Turning towards the 10,000 sorrows and joys

 
This blog theme came to me as I absorbed the heartfelt presentations at 'Mindfulness Matters' - Africa's first ever conference on mindfulness. It took place last weekend in Stellenbosch (5-6 Sept 2014), organised through IMISA, and brought together academics and activists from South Africa and around the world. The panel of experts was drawn largely from the neuroscience field, and they described, with precision, their work showing correlations between mindfulness and compassion practices, and changes in brain functioning. Other presenters were from the social sciences, and described their own experiences of offering mindfulness to communities facing trauma and illness. We all contemplated how best to bring mindfulness into Africa, where the poverty, inequality and incidents of violence pose such a challenge to human flourishing.

Dr Simon Whitesman, chair of IMISA, opened the weekend with a poignant poem by David Whyte - Start Close In. The call was for us to "start with the first thing... the step you don't want to take". As humans, our self-protective mechanisms turn us away from difficulties, pain or sorrow, yet it is by facing these intense experiences head on, that we build our own capacity for healing: Healing ourselves primarily, and then providing the presence needed to help others heal.

The South African Stress and Health Study (Williams et al, 2008) reported that 30.3% of people in this country experience some type of mental illness. That shocked me. It feels a real privilege to be able to offer some very simple mindfulness practices that can support people in staying present to their difficulties, and possibly even building their resilience.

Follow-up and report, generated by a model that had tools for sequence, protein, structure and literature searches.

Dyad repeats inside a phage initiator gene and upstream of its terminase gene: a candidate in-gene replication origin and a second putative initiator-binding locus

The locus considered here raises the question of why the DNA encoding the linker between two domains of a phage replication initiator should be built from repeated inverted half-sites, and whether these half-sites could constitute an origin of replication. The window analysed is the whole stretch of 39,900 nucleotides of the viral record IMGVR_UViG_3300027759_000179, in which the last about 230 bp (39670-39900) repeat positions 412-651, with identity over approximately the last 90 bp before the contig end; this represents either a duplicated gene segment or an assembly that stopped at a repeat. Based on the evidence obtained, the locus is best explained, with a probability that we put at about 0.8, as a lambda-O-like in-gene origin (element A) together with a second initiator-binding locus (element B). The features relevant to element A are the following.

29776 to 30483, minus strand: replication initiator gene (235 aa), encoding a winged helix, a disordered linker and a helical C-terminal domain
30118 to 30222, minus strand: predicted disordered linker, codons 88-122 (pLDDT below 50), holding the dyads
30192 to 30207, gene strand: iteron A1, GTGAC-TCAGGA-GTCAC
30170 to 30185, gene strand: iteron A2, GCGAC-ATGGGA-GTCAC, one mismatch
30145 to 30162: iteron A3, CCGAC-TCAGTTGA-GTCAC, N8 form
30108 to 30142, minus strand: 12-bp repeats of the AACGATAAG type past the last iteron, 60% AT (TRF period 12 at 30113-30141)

In our yoga practices this week, we have been 'turning towards the discomfort' and noticing, paradoxically, that this allows us the capacity to notice the release and lightness in our bodies as well. Moving with kindness and care towards our aches and tight spots, allows us somehow to recognise the wonder of our bodies at the same time.

Let's see if we can stay present with difficulties in the weeks ahead, knowing that we are building our inner strength and our capacity to support others. And let's take that first step - towards our yoga mat, the cushion, or a walk in nature - even if it is a step that we don't feel we really want to take. By staying steady in the face of challenges and sorry, we also learn to savour the moments of joy and wonder that are part of every human life.
 
Mindfulness Matters Panel: Simon Whitesman, Al Kazniak, Cliff Saron, Gaelle Desbordes, Mick Krasner and Trish Bartley

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